WHAT MAKES IT WEIRD: Stalker is an ambiguous, but despairing, existential parable


Scene from Stalker

containing narrative non-sequiturs wrapped inside of strange and gorgeous visuals.

COMMENTS: It’s not fair to the potential viewer unfamiliar with Tarkovsky to start a Continue reading 34. STALKER (1979)

25. NOSTALGHIA (1983)

“I wanted the film to be about the fatal attachment of Russians to their national roots, an attachment which they will carry with them for their entire lives, regardless of where destiny may fling them.  How could I have imagined as I was making Nostalghia that the stifling sense of longing that fills the screen space of that film was to become my lot for the rest of my life; that from now until the end of my days I would bear the painful malady within myself?” –Andrei Tarkovsky, Sculpting in Time

Recommended

DIRECTED BY: Andrei Tarkovsky

FEATURING: Oleg Yankovskiy, Domiziana Giordano, Erland Josephson

PLOT: Andrei is a Russian poet is traveling around Italy in the company of a fetching translator, researching a biography of a Russian composer who studied in Italy before returning to Russia only to drink and kill himself.  Andrei becomes homesick and bored with the project, and with life in general, until he becomes fascinated by a insane man living in a small town famous for its natural mineral baths.  The madman gives him a simple symbolic task to perform—which Andrei procrastinates in completing— then leaves for Rome on a mission of his own.

Still from Nostalghia (1983)

BACKGROUND:

  • Tarkovsky was considered one of the finest filmmakers in the Soviet Union; he frequently ran into difficulty with the Soviet censors, however, particularly for his Christian viewpoints.  Although his films won acclaim at international film festivals, they were often shown to limited audiences in edited versions in his own country.  Work on the historical epic Tarkovsky was helming prior to Nostalghia had been halted by the Soviet censorship board because of scenes seen as critical of the state’s policy of official atheism.
  • Nostalghia was the first film Tarkovsky made outside the Soviet Union.  Originally intended to be a Soviet/Italian co-production, the state-owned USSR film production Mosfilm withdrew financial support for the project without comment after filming had already begun.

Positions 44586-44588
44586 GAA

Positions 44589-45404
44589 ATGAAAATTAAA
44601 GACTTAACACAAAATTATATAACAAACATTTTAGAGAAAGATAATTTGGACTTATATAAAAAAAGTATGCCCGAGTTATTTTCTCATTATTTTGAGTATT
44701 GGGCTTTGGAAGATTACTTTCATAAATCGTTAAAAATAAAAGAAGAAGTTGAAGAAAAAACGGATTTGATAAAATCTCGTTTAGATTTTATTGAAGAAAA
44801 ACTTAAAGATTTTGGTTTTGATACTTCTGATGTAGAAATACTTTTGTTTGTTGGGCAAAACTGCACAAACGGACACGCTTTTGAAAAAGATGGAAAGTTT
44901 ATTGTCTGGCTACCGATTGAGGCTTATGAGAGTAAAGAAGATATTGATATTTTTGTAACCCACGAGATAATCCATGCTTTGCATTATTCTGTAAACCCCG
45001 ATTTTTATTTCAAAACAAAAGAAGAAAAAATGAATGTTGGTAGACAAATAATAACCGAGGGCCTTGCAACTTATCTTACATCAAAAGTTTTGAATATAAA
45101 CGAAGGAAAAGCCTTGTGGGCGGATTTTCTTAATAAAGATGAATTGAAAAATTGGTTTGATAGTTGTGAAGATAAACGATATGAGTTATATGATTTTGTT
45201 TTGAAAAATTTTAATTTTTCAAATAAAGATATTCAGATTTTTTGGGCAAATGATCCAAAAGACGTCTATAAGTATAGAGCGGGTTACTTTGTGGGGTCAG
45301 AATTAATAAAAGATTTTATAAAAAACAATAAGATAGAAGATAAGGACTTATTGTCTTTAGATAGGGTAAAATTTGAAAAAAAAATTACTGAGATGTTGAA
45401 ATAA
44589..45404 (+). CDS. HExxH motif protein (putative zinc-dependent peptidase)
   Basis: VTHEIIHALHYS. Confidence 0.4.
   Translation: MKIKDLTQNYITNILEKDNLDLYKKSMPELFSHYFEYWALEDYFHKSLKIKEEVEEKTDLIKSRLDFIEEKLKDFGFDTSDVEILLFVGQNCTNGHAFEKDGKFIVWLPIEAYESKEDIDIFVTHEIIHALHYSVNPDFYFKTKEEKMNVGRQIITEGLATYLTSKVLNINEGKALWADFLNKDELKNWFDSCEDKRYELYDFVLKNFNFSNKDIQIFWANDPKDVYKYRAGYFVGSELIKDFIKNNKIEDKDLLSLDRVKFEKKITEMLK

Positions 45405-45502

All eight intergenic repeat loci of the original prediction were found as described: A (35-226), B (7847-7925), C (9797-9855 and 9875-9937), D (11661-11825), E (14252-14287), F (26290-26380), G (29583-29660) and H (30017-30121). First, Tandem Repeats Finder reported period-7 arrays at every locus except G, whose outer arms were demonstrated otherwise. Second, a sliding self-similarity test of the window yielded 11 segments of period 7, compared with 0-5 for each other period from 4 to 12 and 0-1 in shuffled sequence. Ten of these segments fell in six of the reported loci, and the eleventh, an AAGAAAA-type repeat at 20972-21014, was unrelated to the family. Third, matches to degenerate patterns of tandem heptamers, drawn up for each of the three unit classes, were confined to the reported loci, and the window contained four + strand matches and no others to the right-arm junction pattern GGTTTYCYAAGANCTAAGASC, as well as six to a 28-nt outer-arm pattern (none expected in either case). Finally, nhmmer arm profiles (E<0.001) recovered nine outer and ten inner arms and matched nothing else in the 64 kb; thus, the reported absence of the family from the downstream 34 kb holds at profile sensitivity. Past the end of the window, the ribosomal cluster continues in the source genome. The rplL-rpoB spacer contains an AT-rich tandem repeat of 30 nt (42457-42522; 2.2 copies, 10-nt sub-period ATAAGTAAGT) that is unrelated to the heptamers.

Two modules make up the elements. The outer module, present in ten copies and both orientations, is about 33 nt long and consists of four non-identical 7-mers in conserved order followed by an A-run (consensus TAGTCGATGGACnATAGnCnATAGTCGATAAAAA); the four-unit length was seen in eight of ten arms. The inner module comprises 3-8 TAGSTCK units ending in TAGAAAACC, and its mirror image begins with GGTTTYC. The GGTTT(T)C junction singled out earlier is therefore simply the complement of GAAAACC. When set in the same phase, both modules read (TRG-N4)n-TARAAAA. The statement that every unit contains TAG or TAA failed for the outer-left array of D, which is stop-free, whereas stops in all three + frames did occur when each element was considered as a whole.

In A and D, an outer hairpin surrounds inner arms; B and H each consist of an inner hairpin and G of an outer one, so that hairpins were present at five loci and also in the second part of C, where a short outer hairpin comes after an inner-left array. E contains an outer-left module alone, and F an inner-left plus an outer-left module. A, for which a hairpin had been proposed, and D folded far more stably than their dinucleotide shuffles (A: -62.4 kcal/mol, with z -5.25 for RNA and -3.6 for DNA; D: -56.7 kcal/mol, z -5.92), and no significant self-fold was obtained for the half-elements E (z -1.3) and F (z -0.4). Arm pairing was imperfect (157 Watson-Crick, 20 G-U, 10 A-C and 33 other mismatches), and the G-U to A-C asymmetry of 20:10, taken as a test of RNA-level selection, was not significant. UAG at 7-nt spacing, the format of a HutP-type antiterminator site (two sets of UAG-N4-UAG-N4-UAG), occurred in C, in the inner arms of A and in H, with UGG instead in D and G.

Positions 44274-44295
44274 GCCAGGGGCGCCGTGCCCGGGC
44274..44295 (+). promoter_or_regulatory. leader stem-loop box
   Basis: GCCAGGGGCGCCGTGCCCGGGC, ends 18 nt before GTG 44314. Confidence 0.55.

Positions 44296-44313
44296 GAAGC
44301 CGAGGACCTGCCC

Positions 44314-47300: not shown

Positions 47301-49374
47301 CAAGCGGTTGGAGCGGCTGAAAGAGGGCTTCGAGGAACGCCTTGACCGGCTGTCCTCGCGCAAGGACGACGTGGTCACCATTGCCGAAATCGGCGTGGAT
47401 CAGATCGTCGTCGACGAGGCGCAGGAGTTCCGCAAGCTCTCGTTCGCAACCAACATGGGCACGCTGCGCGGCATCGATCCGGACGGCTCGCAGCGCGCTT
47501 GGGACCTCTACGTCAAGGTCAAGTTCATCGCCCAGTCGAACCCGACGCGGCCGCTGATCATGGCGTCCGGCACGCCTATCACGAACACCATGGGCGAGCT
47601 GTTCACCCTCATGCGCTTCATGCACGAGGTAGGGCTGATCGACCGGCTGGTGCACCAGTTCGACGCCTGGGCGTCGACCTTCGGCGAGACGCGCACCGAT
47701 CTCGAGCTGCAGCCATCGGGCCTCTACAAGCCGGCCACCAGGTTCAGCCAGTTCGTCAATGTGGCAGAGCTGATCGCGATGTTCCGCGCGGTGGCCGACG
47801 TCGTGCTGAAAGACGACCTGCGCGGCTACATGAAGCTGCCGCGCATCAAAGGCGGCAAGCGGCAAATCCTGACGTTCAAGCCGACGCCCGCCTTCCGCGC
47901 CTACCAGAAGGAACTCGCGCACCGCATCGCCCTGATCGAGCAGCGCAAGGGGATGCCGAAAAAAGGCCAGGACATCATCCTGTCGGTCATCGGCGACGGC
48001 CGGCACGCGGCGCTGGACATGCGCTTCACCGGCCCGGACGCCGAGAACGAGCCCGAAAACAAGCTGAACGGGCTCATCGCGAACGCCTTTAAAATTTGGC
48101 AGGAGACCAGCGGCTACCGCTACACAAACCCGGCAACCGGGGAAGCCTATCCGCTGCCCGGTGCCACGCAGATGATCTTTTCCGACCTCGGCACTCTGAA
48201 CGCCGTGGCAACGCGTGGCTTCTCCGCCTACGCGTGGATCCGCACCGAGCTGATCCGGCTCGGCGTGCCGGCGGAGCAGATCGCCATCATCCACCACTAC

• The film competed for the Palme d’Or at Cannes, but was awarded a special jury prize instead.  Tarkovsky claimed that the Soviet contingent applied pressure to assure that the film would not be awarded the grand prize.
  • Tarkovsky defected to the West soon after Nostalghia was completed, leaving his wife and son behind.  They were eventually allowed to leave the country when he was diagnosed with lung cancer in 1986.  Rumors persist that Tarkovsky did not die of natural causes, but was actually poisoned by the KGB in retaliation for his defection.

INDELIBLE IMAGE:  There are many fine candidates.  The scene of Andrei attempting to carry a lit candle cupped in his hand across a drained spa may stick with the viewer, if not for its symbolism, then because it audaciously continues for over eight minutes.  But the final, static, picture postcard-like composition of a Russian homestead nestled inside an Italian cathedral perhaps captures Tarkovsky’s theme the best, and is shockingly beautiful, as well.

WHAT MAKES IT WEIRD:  The fluidity between the conscious and subconscious worlds. Although it’s almost always clear whether the events depicted actually occur or are imagined, Tarkovsky is much more interested in what is going on inside the heads of his alienated Russian poet and the Italian madman than in what is happening in the “real” world. He uses strong, sometimes obscure visual symbolism and dreams to convey an affecting mood of existential loneliness.

Video trailer for Nostalghia

COMMENTSNostalghia can’t be approached without a word of warning: this movie is Continue reading 25. NOSTALGHIA (1983)